IN THE NORTHERN CONSTELLATION Cassiopeia lies a famous supernova remnant, a gas cloud that represents the shattered remains of a once-titanic star.
Known as Cassiopeia A, it is hard to see at normal visible light wavelengths but shines strongly at radio and X-ray wavelengths.
A supernova of this kind occurs when a massive star runs out of nuclear fuel and can no longer produce energy. Without an outflow of energy to keep the star “inflated”, it’s huge mass crushes inwards … producing an implosion followed by an explosion that tears the star apart.
In the millions of years leading up to the explosion, the star’s innards become layered with different elements as a result of different nuclear fusion processes. In the core there is a globe of iron. Surrounding that are layers of sulphur, silicon, magnesium, neon and oxygen.
It would seem to make sense that when the star explodes, the outer layers would end up on the outskirts of the resulting gas cloud, with the iron concentrated toward the middle.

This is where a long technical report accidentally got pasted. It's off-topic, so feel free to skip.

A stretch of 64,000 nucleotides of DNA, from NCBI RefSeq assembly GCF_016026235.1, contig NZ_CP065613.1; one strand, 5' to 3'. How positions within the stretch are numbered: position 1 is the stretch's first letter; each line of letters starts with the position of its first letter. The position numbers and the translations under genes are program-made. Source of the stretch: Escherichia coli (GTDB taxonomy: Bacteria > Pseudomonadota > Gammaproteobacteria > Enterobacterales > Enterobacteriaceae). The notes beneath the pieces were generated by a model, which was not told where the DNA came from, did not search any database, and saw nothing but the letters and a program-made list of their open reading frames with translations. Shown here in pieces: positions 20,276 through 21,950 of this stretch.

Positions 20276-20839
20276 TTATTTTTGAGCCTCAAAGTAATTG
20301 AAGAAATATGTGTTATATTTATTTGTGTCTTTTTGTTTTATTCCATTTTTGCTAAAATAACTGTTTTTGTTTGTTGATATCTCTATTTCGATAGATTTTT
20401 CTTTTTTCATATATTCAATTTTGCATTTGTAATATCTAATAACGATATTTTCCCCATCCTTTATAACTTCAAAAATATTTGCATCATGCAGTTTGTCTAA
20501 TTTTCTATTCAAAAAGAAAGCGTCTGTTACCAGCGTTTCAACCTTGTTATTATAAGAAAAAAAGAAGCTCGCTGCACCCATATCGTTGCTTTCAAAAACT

But by compiling a staggering one million seconds worth of X-ray observations by satellite telescopes, astronomers have found that this is not the case for Cassiopeia A.
The observations show that the distribution of sulphur, silicon, magnesium and neon is about as expected. But the iron is spread around the outer part of the supernova remnant, and there’s none in the middle.
The astronomers think there must have been some sort of “instability” in the supernova explosion process, which turned the star inside out.
Story by Jonathan Nally. Images courtesy (illustration) NASA / CXC / M.Weiss; (X-ray) NASA / CXC / GSFC / U.Hwang & J.Laming.
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